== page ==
Let’s Talk About the Bathroom Scene

Let’s Talk About the Bathroom Scene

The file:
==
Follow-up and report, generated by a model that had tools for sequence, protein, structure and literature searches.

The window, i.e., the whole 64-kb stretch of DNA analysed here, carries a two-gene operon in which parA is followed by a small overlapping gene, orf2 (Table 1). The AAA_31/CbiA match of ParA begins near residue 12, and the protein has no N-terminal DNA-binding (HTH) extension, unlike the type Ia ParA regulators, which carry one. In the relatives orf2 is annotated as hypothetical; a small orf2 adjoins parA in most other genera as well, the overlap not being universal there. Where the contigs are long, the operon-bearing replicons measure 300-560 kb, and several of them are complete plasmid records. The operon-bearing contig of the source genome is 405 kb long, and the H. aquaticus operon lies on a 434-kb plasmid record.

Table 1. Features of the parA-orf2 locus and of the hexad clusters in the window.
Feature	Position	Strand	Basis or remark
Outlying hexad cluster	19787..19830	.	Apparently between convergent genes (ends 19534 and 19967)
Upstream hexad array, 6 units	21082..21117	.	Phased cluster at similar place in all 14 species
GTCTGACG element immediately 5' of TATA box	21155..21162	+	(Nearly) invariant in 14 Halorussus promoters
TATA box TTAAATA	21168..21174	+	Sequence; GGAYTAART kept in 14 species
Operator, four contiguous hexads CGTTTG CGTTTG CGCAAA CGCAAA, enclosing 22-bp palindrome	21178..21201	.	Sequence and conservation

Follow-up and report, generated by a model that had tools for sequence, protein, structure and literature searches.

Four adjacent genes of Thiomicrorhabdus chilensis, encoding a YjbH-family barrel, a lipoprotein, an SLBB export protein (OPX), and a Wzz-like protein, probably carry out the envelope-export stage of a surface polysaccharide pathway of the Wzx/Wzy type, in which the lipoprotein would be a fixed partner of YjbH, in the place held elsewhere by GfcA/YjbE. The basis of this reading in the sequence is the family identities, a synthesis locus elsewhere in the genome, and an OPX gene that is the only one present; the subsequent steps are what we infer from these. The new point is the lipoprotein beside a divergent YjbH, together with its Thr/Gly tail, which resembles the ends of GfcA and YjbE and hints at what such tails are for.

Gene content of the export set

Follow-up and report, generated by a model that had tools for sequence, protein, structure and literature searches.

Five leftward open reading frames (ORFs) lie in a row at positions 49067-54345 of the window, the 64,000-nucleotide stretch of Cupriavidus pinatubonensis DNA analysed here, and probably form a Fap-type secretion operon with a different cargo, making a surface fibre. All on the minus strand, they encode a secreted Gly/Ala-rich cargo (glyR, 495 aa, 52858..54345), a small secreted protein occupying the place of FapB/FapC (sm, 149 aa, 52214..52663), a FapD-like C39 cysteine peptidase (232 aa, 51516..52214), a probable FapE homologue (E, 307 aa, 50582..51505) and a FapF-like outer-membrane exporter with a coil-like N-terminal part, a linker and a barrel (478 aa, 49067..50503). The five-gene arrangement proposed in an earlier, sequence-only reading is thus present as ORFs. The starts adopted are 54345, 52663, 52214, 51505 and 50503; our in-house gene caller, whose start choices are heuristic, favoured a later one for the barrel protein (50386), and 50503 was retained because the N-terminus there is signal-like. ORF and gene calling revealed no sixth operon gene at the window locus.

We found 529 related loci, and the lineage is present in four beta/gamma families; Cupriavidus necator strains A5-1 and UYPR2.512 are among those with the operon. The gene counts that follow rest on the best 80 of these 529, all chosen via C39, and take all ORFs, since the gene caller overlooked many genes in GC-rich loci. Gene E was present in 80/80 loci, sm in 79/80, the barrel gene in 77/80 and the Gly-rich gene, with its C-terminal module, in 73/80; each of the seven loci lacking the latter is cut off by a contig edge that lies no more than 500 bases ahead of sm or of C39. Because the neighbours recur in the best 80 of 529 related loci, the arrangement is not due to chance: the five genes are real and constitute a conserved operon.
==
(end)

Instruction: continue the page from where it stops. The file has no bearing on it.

Bodily functions rarely get the spotlight in and . But for some writers, they drive action and help create indelible characters. The infamous men's room at the now-defunct music club C.B.G.B. in Manhattan.Credit…GODLIS Alfred Hitchcock once told François Truffaut he wanted to make a film that would examine a city entirely through food and, unusually, waste. He would show the arrival of meat and produce into a metropolis, “its distribution, the selling, how it's fixed up and absorbed. And gradually, the end of the film would show the sewers, and the garbage being dumped out into the ocean.” Samuel Beckett expressed this artistic vision on a more intimate scale. “Dish and pot, dish and pot, these are the poles,” his narrator says in “Malone Dies.” The dish, we discuss freely: Food, in literature and elsewhere, is part of what we talk when we talk about culture. The pot, at the other end of the alimentary canal, remains a transgressive topic. Not enough is written, in this critic's estimation, about how our eliminations are described and theorized, and loved and loathed, in fiction and poetry. Their “here we are again” inevitability adds chaos, comedy, disgust, shame, irony, urgency and anguish to narrative. They drive action. They are life, as much as sex is life — maybe more so, because people's sex lives dwindle but this need does not. Fiction that avoids or denies feces, Milan Kundera has written, is kitsch. The English journalist Rose George called elimination “ the big necessity .” She also wrote, in an observation that's keenly felt when one is writing for a linguistically conservative newspaper: “There is no neutral word for what humans produce at least once a day, usually unfailingly. There is no defecatory equivalent of the inoffensive, neutral ‘sex.'” But we will do our best. There has been, for sure, scatological writing from the start, or at least since Don Quixote asked, in the funniest moment in what is arguably the first novel, “What noise is that, Sancho?” The flatulence in Chaucer is renowned, as is the weaponized feces, flung by […]

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